Malloy reverses limits on film tax credits
Gov. Dannel P. Malloy used last week's bipartisan jobs bill to partially reverse a change to Connecticut's film tax credits affecting their use by insurance companies that critics had warned would cripple the entertainment industry.
The legislation also amended the credits to help finance a deal Malloy announced Tuesday to bring NBC Sports to his hometown of Stamford.
The state's 30 percent credits for film and television productions have lured both visiting, star-studded location shoots and permanent infrastructure projects to Connecticut.
The credits' appeal is they can be transferred -- sold -- to in-state companies with a tax liability through brokers like Stamford-based Connecticut Film Center.
The transfers are confidential.
But in January, the state's Department of Economic and Community Development, which houses the film division, reported the insurance and banking industries claimed a majority of the credits in 2007, 2008 and 2009.
Malloy inherited a $3 billion-plus deficit when he took office in January. As part of his "shared sacrifice" budget, insurance companies that had been able to apply the credits to 70 percent of their tax liability could now only use them toward 30 percent of their taxes.
The governor at the time was also trying to gear the film incentives toward creating permanent studios, limiting the credits' appeal to non-Connecticut companies interested in filming some scenes and moving on to the next state.
But critics feared Malloy's limitations on insurers would cripple the market for the credits.
"We're in the `insurance capital of the world,' " ex-House Speaker James Amann, D-Milford, who spearheaded the creation of the film program in 2006, said at the time. "Why, of all things, limit their ability to do that? It's a good business transaction."
The bipartisan jobs legislation passed Wednesday by the General Assembly and signed into law Thursday evening by Malloy allows insurers to apply the credits to 55 percent of their tax liability, at an estimated cost to the state of $16.6 million over the next two years.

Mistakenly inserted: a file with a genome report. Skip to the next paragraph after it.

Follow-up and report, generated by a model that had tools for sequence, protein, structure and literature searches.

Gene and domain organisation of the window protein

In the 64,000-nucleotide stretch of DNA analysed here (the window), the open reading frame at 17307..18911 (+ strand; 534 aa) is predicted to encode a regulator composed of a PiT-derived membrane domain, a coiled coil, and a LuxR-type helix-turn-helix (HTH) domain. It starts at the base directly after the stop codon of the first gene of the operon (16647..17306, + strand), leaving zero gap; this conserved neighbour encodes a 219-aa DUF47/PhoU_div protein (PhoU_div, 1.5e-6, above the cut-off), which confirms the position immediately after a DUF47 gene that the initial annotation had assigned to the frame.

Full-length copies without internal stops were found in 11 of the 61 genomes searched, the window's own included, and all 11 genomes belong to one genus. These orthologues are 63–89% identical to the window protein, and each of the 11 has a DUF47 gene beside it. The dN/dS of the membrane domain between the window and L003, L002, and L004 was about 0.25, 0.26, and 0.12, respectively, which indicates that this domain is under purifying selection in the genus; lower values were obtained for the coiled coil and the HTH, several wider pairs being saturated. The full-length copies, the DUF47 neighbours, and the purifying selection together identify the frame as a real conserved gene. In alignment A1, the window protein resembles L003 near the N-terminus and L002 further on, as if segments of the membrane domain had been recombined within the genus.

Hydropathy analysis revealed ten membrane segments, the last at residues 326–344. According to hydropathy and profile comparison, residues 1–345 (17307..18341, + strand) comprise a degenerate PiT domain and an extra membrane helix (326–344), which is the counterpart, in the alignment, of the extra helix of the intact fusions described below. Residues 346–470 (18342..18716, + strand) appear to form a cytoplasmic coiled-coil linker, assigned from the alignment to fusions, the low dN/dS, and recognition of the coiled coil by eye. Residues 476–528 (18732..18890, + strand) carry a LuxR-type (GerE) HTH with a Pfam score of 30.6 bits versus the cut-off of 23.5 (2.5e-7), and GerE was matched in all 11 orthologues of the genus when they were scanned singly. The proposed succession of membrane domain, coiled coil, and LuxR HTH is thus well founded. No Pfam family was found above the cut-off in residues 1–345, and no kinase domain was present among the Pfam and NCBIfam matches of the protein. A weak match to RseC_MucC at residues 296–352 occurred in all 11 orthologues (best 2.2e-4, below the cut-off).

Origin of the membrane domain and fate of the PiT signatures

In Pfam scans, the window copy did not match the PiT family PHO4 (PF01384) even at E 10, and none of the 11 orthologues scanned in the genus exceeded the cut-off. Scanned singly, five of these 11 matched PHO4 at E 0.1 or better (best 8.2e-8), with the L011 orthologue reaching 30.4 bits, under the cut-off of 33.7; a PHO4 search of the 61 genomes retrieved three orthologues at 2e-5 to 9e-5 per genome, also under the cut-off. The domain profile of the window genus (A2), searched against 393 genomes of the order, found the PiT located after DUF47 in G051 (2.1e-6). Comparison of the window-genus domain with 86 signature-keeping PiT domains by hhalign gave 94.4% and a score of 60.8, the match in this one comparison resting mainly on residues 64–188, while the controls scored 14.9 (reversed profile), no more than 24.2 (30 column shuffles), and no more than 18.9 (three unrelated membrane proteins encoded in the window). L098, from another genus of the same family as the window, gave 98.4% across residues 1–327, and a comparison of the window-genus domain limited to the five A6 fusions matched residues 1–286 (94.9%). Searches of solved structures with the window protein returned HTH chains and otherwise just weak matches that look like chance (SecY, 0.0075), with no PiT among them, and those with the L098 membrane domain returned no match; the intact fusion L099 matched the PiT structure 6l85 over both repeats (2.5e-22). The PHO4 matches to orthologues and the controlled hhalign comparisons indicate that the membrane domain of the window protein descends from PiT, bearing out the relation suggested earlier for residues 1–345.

"It sort of half-reverses it," Gian-Carl Casa, spokesman for the governor's budget office, said. "The insurance companies are really the big market for the tax credits. It enhances the market for them (and) makes Connecticut more attractive to the film industry."
Asked if the administration had witnessed a significant impact in the change from 70 percent to 30 percent, film division head George Norfleet said, "The productions in discussion with us to come here and film before the talking and negotiations began still came ... We think the program is percolating and doing quite well."
The Connecticut Film Center's Kevin Segalla said, "As we become more of a permanent industry here we wanted to make sure we had the appetite for the credits."
The jobs bill also expanded the types of productions that can qualify for the credits to "relocated television productions" that have filmed prior seasons outside of the state, include some "current events" shows and are created at a Connecticut production facility.
But they must make a minimum $25 million investment of their own to be eligible.
"There was a question about whether NBC could have taken advantage and this clarifies that," Casa said.
Malloy announced Tuesday NBC Sports Group was leasing studio, production and office space at the former Clairol building in Stamford, bringing 450 jobs to the state.
While it is not uncommon for legislation to be crafted around a specific deal or entity, both Norfleet and Segalla said they believe the language changes will attract additional television productions besides NBC Sports.
"There were several entities curious or desiring of having the clarification so they would not have any issues going forward should they bring television programming here," Norfleet said.
The clarification is estimated to cost between $10 million and $19 million in revenues over the coming year and between $5 million and $10 million annually thereafter.
Wade Gibson, a staffer with the Connecticut Voices For Children, a nonprofit critical of the tax incentives, said the group continues to call for more accountability of the program to better determine if the credits are paying off.
"With any of these deals, it's just very hard to tell," Gibson said.
Staff writer Brian Lockhart can be reached at email@example.com